Guaidó, a President Without Territory, Without an Army – But With the Bitter Taste of Defeat

By Luis Hernández Navarro


By Luis Hernández Navarro

Ureña, the Venezuelan side near the border of Colombia. It’s the manager’s loneliness. Bogota, Colombia, has become the seat of government of the self-proclaimed president of Venezuela, Juan Guaidó. He does not command the army of his country. He is protected by the troops of a neighboring nation.

He has no control of any territory. His orders are not obeyed by any authority. Even his former opposition allies do not put their hands in the fire for him. At the worst moment of the February 23 crisis, almost none of them opened their mouths to encourage him. They chose to pay him with the same token that he used with them. His only significant internal support is his boss Leopoldo López.

Failed is his insurrectional intent, in which, under the pretext of forcing humanitarian aid intended to take territorial control of a border strip with Colombia, to install there a headquarters of his administration, ended up establishing a ghostly government in exile .

But the only real support he has is diplomatic, on the part of the United States, Colombia and some other nations. He also has some supporters that are with him inside Venezuela. But they have only bitter taste of defeat in their mouths.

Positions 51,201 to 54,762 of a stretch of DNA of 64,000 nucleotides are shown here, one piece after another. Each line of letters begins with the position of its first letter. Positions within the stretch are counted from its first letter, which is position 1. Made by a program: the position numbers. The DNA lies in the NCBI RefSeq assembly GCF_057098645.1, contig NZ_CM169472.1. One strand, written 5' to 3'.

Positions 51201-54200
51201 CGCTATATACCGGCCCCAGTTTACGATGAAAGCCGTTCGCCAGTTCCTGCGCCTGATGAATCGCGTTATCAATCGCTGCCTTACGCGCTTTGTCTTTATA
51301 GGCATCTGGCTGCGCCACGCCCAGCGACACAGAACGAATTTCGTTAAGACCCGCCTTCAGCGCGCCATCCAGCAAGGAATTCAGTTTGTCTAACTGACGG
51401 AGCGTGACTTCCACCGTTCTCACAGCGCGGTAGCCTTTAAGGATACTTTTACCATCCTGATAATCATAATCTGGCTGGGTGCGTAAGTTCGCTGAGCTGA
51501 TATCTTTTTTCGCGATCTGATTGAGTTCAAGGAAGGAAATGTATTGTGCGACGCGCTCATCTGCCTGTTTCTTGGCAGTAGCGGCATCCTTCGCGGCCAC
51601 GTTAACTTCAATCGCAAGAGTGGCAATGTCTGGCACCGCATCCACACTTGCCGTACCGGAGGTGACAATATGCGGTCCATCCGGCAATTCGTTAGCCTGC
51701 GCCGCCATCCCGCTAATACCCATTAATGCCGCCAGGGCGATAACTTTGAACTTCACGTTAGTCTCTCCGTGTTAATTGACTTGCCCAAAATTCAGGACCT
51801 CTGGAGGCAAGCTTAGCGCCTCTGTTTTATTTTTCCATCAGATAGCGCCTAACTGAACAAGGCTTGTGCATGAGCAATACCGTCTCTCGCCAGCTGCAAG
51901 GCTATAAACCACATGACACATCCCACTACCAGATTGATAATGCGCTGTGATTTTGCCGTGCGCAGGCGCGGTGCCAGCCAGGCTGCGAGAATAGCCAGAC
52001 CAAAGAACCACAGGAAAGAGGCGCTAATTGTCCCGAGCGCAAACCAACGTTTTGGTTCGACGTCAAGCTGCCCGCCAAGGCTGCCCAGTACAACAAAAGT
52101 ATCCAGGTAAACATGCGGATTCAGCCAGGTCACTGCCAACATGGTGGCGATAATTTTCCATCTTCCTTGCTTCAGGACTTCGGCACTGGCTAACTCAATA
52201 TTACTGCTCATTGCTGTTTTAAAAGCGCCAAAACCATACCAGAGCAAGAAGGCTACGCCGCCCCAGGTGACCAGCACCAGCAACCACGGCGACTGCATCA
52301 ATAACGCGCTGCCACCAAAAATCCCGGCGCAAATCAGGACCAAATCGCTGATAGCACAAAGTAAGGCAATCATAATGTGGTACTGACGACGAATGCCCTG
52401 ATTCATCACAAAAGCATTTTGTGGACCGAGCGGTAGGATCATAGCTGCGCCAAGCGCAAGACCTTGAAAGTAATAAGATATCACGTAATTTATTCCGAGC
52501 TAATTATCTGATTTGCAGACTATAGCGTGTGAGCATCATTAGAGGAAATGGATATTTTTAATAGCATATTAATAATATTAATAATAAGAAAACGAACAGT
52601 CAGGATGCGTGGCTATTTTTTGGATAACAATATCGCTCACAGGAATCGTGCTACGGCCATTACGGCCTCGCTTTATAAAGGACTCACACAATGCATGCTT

They told them that Nicolás Maduro was leaving last weekend and yet he is still there.

However, although dressed in the guise of human rights, democracy and humanitarian aid, the support of Donald Trump is far from being disinterested. On page 136 of Andrew McCabe’s book, in which he reconstructs a meeting in the White House Oval Office in 2017, the former acting director of the FBI recalls: “Then the president spoke of Venezuela. It is the country with which we should go to war, he said. They have all that oil and they are right in our backyard .”

It does not seem like bravado. A senior Russian security official Tuesday accused the United States of deploying forces in Puerto Rico and Colombia in preparation for a military intervention in Venezuela to overthrow President Nicolás Maduro.

The transfer of US special operations forces to Puerto Rico, the landing of US forces in Colombia and other events indicate that the Pentagon is strengthening its troops in the region to use them in an operation to get Maduro out of power, Nikolai Pátrushev said, secretary of the Security Council of Russia, in an interview with the weekly Argumenty i Fakty .


The difficult normality

Little by little, the cities bordering on Colombia begin to take on their traditional dynamic of life. As normal as it can be in a border region with intense commercial exchange when the passage of goods and people is closed. Shops open their doors (not all), people take to the streets and parents think about whether it is time to take their children to school or not.